The next couple of days were spent exploring Tel Aviv. It doesn't have any of the history of neighboring Jerusalem (what having been founded just over a hundred years ago and all) - it is, however, a relaxed, yet vibrant city, filled with markets, cafes, night clubs, and people on the far extremes of religious observance. A lot of Israel shuts down on Shabat (Friday sundown to Saturday sundown) - Tel Aviv just slows down and relaxes a bit more. Life in pictures:

On the beach in Tel Aviv. The old city of Jaffa in the background

Like I said, art on the streets. I think Sigmund Freud and I make for a nice couple. Sorry about the bunny ears, Siggy!

Michelle had come down from Haifa for the wedding and to play tour guide for a day around Tel Aviv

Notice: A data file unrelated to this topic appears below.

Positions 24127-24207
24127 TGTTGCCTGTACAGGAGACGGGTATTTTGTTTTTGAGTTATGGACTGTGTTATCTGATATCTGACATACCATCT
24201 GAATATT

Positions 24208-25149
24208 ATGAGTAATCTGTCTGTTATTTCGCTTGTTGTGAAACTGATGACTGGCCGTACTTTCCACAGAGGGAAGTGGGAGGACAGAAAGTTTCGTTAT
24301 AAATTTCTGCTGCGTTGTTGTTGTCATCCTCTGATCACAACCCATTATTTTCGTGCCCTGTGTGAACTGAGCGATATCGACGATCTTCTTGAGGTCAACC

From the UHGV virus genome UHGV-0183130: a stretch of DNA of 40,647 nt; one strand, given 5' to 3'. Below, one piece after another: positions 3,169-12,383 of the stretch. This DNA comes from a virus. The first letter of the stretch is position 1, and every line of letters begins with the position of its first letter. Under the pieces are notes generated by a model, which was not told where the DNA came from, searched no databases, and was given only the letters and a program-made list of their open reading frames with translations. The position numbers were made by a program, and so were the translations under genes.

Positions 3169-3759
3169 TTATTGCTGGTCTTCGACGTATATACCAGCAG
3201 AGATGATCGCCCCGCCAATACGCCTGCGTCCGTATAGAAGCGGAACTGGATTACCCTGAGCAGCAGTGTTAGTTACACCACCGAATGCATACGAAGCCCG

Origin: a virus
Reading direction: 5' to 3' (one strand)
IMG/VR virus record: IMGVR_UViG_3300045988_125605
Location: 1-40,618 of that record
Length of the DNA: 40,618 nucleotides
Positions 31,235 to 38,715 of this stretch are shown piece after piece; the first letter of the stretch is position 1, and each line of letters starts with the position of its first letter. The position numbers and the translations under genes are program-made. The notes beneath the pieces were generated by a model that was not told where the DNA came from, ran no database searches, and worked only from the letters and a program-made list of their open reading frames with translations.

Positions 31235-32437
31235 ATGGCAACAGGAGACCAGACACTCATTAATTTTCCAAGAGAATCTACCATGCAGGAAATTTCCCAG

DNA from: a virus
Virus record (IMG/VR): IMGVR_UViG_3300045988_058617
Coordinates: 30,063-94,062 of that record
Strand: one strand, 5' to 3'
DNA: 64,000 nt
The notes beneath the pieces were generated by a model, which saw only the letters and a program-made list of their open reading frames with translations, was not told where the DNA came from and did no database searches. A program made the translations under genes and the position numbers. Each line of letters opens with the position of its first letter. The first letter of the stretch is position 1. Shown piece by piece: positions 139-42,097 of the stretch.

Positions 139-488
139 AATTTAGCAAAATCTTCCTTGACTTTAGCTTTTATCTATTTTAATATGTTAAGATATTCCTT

Fresh fruit and vegetable market. Tel Aviv is actually a very compact city, so it's easy to walk around and get everywhere you want to go

In Jaffa, the old city, where the twisting stone streets (all named after zodiac signs) host an abundance of art galleries. Or sometimes just a hanging tree...

The Frank Meisler Gallery was the most remarkable that we saw, with his variety of sculptures. The Temple of Jerusalem here.

Sunset over the Mediterranean

It's a Jewish state, of course, but there's no shortage of Mosques and Christian Churches in the Holy Land

The people of Tel Aviv tend to be on the liberal and progressive side - this is a demonstration pushing for legalization of marijuana that I stumbled upon when passing through Rabbin Square one afternoon...